VAGINAL DISCHARGE — Some women report increased vaginal discharge with the IUD; this is usually normal leukorrhea and not a sign of infection [33].




Pelvic inflammatory disease — Pelvic inflammatory disease (PID) is most strongly associated with the insertion process and with the user’s risk of acquiring a sexually transmitted disease (STD) [55,56]. The risk of infection is greatest in the first 20 days after insertion (range 1 to 10 per 1000 women undergoing insertion [55,57]) and is rare thereafter (1.4 per 1000 women undergoing insertion [55]), and does not increase with prolonged IUD use. PID following insertion is due to a polymicrobial infection, usually involving anaerobic bacteria from the cervix and vagina [33]. Risk factors include bacterial vaginosis, cervicitis, and contamination of the endometrial cavity at insertion [24,33].


Infections more than one month after insertion are generally due to a newly acquired STD [33,58]. The LNg IUD is probably protective against PID from newly acquired STDs because progestin thickens cervical mucus, making it less permeable to sperm and bacteria [59]. Although the copper IUD does not offer this same protection, it does not appear to increase the risk of PID or of serious infection [60].


If a woman has clinical signs and symptoms of PID, standard antibiotic treatment should be initiated. The World Health Organization (WHO) has stated that the IUD does not have to be removed if the provider feels the advantages of continuing the method outweigh the risks [61,62]. However, this recommendation was based upon data from three retrospective series [63-65]. The only randomized trial (published after the WHO statement [61]) showed that removing the IUD before initiating medical therapy increased the rate of clinical improvement of mild to moderate PID compared with patients in whom the IUD was left in situ during treatment [66]. Therefore, in settings where a replacement IUD is readily available, we recommend administering appropriate antibiotics followed immediately by removal of the IUD, as well as use of an alternative method of contraception [66,67]. Antibiotics should be administered before IUD removal because bacteremia may occur with removal of an IUD in the setting of PID [67]. We send the IUD for culture, as microbiology results can be helpful if the patient does not respond to empiric therapy.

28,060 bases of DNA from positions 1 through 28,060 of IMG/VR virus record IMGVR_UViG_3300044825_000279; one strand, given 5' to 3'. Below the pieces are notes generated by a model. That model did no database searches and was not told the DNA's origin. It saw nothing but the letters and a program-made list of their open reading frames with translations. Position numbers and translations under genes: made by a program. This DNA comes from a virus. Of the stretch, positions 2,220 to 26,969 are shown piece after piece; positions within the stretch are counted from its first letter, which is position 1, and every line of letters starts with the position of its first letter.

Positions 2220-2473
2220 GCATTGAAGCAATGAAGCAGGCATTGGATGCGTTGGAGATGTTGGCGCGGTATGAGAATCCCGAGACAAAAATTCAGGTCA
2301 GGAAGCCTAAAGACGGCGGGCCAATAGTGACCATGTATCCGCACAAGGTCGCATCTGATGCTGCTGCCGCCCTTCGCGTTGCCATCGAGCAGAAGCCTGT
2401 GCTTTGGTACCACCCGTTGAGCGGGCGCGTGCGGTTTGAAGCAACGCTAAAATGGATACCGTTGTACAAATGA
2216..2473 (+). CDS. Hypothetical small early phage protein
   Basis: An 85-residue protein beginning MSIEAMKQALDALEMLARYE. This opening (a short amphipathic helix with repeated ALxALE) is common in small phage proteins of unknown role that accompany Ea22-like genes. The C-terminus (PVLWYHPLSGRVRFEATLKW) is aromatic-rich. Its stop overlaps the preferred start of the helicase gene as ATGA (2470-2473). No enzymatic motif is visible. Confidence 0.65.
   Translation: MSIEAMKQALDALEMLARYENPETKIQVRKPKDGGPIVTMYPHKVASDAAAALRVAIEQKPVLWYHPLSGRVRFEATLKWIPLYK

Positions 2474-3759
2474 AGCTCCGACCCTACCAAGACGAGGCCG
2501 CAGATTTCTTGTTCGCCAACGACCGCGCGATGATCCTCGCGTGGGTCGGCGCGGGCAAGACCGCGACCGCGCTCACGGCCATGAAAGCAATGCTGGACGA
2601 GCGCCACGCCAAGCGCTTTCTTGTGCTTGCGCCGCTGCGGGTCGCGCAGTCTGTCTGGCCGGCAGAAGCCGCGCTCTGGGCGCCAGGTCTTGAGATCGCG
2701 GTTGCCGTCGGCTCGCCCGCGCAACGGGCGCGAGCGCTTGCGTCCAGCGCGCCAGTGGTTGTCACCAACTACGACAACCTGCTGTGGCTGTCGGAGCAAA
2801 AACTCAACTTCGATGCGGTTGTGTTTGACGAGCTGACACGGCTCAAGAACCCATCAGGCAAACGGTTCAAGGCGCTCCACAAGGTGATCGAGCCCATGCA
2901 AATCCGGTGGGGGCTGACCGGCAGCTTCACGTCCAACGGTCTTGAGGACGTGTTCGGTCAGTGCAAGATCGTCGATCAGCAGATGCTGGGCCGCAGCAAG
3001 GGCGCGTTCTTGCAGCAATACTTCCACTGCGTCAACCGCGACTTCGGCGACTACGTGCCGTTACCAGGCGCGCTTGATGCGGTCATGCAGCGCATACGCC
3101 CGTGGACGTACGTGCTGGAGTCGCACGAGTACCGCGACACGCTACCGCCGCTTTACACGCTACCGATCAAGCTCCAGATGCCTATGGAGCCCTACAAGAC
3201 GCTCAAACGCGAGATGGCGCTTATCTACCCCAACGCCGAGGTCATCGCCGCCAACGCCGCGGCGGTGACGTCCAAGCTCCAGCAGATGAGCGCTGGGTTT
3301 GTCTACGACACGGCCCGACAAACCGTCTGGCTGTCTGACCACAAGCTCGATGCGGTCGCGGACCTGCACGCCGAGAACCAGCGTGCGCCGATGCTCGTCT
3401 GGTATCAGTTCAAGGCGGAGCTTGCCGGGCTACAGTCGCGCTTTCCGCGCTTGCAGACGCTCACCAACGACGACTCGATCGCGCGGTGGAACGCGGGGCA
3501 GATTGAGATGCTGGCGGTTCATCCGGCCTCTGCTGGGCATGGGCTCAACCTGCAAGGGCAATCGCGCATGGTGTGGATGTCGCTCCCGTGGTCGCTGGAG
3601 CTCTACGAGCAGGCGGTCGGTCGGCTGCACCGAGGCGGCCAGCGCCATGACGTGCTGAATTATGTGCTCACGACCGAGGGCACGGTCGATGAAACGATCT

If the woman wants the IUD replaced, a new IUD may be inserted three months after the infection has resolved if she is no longer at elevated risk of PID. Because infection is associated with insertion, clinicians should avoid premature replacement of IUDs unless replacement is clinically indicated and a good alternative is unavailable [55,56]. In resource poor settings where a replacement IUD is not available, it may be preferable to treat mild to moderate PID without removal of the IUD. (See “Treatment of pelvic inflammatory disease”.)